Finally an agreement on the CSDDD

It’s been an exciting few weeks. Every day seemed to bring a new developments. Will the Member States be able to reach a compromise on a new law that will make it a legal requirement to respect human rights?

For 12 years I have been helping companies to comply with human rights. These companies did this voluntarily. It was high time to create a level playing field and make human rights due diligence mandatory for all larger European companies.  But the resistance and lobbying turned out to be strong. The compromises that have been made to get it through are therefore enormous. I have mixed feelings about it. Especially about the fact that the high risk sectors have been taken out. The garment industry, the food industry, the mining, known for many human rights violations. As they will not fall under the CSDDD, companies already working to mitigate risks, will not have a level playing field, as all smaller companies under 1000 employees are out of scope.

The law would impose a disproportionate burden on companies, a ‘massive burden’, as the German government put it.

It is true that companies, which have ignored the fact that there may be many human rights violations in their supply chains in recent years, have a lot of work to do. 13 years after the UN issued authoritative guidelines on the role of business in human rights (the UNGP), a substantial number of companies have done little or nothing about them. That is why legislation seems necessary.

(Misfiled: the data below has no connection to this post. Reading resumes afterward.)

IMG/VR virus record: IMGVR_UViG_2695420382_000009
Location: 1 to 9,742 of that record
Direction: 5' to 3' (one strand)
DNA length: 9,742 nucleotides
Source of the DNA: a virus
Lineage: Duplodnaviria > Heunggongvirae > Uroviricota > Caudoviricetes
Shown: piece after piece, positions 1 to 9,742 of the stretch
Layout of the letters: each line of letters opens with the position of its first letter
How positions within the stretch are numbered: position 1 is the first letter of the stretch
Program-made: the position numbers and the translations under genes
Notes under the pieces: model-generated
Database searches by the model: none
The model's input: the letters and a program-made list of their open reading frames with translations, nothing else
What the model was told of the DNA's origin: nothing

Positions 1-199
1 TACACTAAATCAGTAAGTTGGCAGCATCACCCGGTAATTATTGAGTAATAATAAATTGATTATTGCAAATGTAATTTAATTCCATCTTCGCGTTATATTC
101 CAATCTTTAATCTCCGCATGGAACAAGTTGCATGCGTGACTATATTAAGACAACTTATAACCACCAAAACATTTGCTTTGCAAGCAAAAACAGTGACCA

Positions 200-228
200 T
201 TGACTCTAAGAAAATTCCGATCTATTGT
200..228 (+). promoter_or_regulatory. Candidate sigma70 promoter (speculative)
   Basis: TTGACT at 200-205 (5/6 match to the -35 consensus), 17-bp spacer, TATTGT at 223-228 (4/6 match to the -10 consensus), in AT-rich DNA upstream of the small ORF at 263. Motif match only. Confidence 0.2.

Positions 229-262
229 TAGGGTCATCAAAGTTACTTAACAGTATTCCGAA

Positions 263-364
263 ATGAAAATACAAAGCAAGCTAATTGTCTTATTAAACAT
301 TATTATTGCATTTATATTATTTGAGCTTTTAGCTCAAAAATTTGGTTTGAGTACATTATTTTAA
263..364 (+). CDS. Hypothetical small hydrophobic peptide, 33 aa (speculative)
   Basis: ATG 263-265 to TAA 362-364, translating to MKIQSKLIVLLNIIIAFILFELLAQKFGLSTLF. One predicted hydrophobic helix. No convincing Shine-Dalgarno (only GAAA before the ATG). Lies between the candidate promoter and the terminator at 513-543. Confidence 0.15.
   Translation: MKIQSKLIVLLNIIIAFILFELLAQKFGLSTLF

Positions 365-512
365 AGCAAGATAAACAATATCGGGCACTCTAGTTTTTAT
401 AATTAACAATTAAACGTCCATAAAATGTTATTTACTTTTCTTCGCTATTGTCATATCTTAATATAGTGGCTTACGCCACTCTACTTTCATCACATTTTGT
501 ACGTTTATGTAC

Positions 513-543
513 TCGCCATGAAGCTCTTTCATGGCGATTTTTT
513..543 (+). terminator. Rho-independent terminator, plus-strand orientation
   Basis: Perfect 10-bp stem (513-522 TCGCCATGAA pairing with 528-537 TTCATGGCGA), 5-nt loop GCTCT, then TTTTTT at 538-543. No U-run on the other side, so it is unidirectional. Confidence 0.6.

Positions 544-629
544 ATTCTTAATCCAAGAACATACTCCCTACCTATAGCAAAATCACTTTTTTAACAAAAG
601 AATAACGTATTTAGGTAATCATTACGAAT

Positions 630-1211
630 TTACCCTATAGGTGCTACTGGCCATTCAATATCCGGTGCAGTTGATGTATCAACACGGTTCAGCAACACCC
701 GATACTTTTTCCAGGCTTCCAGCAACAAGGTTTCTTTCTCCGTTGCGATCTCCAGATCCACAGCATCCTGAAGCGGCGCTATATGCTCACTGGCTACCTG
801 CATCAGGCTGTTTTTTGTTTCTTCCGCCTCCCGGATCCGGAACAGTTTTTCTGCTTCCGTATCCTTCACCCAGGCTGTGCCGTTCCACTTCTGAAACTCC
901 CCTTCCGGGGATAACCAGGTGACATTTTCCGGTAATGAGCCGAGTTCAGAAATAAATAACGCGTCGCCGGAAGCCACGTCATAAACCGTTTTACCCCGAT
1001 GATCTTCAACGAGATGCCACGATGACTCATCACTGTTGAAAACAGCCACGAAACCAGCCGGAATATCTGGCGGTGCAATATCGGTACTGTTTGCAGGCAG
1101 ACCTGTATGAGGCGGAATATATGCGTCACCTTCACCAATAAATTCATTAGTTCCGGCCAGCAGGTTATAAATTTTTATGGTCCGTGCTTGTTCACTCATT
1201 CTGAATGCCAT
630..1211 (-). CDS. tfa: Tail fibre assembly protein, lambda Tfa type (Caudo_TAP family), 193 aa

It is possible

I know from experience that it is possible to do Human Rights Due Diligence, as required by this law. Many companies already have gained experience with this. It’s complex, yes that’s right. Many companies think that they now have to guarantee that human rights violations do not occur anywhere in their supply chains. Impossible, of course, because many companies have set up global and intransparent value chains. You don’t have to guarantee this, but you do have to make an effort to do something about it. You also have to show that you do. Is that too much to ask?

It takes time and patience

And that’s what companies will get when this law is passed. Results are focused on the long term. Companies can take their time and you can set priorities. Fortunately, it can also be very fulfilling, interesting, and important work for companies. The Dutch Rutger Bregman recently called on us to spend your time well and to have moral ambition. This is a wonderful way to make good use of your time.

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